Conjugated Block Copolymers as Model Systems to Examine Mechanisms of Charge and Energy Transfer in Organic Materials

Restricted (Penn State Only)
Aplan, Melissa Paige
Graduate Program:
Chemical Engineering
Doctor of Philosophy
Document Type:
Date of Defense:
May 21, 2018
Committee Members:
  • Enrique Daniel Gomez, Dissertation Advisor/Co-Advisor
  • Enrique Daniel Gomez, Committee Chair/Co-Chair
  • Michael Anthony Hickner, Committee Member
  • Michael John Janik, Committee Member
  • John B Asbury, Outside Member
  • block copolymers
  • organic electronics
  • photophysics
  • charge transfer
  • organic photovoltaics
  • conjugated polymers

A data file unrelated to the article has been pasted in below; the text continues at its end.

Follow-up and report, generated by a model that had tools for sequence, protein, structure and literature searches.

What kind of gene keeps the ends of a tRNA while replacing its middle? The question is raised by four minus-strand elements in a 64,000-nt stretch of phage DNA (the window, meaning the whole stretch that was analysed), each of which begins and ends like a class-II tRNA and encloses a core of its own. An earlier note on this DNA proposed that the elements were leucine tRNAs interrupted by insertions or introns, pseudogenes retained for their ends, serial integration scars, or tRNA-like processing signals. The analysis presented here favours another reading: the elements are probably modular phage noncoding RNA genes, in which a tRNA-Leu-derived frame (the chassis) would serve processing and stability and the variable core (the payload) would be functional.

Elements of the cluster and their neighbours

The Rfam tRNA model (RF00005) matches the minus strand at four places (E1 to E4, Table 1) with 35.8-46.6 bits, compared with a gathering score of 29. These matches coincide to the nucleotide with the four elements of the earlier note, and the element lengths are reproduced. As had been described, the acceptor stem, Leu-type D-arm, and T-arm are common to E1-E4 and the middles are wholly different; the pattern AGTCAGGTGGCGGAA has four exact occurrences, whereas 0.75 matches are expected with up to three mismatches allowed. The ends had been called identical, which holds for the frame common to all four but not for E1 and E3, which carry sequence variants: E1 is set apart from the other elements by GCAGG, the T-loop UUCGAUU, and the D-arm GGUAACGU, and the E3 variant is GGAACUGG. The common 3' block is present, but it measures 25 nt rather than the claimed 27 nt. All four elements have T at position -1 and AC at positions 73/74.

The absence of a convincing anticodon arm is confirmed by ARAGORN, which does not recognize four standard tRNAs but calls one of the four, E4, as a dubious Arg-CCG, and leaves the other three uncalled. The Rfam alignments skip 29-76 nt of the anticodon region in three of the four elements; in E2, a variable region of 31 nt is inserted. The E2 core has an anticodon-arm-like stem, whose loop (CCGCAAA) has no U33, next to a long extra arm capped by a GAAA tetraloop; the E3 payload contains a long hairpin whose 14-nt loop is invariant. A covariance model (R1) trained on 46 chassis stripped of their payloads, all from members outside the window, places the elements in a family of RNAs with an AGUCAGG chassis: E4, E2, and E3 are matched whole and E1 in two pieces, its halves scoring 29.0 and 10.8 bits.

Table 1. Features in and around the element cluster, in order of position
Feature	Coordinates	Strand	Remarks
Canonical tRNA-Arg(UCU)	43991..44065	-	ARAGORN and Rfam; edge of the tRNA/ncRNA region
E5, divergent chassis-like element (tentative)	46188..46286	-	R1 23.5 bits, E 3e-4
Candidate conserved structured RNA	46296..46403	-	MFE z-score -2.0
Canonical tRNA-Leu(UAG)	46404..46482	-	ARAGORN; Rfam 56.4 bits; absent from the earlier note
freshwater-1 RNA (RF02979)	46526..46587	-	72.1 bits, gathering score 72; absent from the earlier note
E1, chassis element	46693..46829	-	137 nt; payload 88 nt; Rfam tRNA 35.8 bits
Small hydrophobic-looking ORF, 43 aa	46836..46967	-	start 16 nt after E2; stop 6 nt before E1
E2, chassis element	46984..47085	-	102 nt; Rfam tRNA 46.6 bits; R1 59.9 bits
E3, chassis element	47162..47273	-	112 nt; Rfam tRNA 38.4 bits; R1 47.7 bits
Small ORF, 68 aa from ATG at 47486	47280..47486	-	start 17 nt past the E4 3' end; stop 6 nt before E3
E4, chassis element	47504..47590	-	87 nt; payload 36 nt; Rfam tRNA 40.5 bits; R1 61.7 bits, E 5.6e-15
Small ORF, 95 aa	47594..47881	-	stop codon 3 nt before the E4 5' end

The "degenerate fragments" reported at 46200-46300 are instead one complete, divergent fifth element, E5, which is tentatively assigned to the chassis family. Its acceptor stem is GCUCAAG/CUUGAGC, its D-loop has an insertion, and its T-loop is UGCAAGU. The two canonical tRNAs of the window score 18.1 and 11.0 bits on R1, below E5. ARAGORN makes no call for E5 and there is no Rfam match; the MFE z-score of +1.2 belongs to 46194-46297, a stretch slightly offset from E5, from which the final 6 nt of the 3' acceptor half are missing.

Organic electronics is an exciting field with applications already beginning to impact our everyday lives. The key advantage of organic electronics over conventional inorganic-based systems is the ability to define functionality at the molecular level. As it stands, we do not fully understand the physics of charge and energy transfer within organic materials; this greatly hinders material design for high-performance organic electronic devices. With a focus on organic photovoltaics, this dissertation demonstrates that donor-acceptor block copolymers are useful model systems to examine processes of charge and energy transfer in organic materials. First, we establish block copolymers as model systems. Using steady state photoluminescence quenching experiments, we have developed a procedure to quantify intramolecular charge transfer within isolated block copolymer chains. We find that a small perturbation to the molecular structure disrupts intramolecular charge transfer and is ultimately responsible for a substantial decrease in photovoltaic performance. Next, we use these materials to perform a fundamental study investigating the influence of the energetic offset between a donor and acceptor on exciton dissociation. We systematically tune the two energy levels that make up this energetic offset, the singlet excited state and the intramolecular charge transfer state. In isolated block copolymer chains, a significant driving force is required to achieve efficient exciton dissociation. Lastly, we use block copolymers to examine the influence of conjugation length on charge transfer. We demonstrate that conjugated homopolymers, made up of identical repeat units, require a significant conjugation length to achieve efficient charge transfer. Conversely, push-pull polymers, made up of alternating electron-rich and electron-deficient units, eliminate this chain length requirement. Altogether, this work demonstrates the use of conjugated block copolymers as model systems to elucidate mechanisms of charge and energy transfer within organic materials. By performing fundamental studies on isolated block copolymer chains in solution, we uncover structure-function relationships to help guide material design for organic electronics.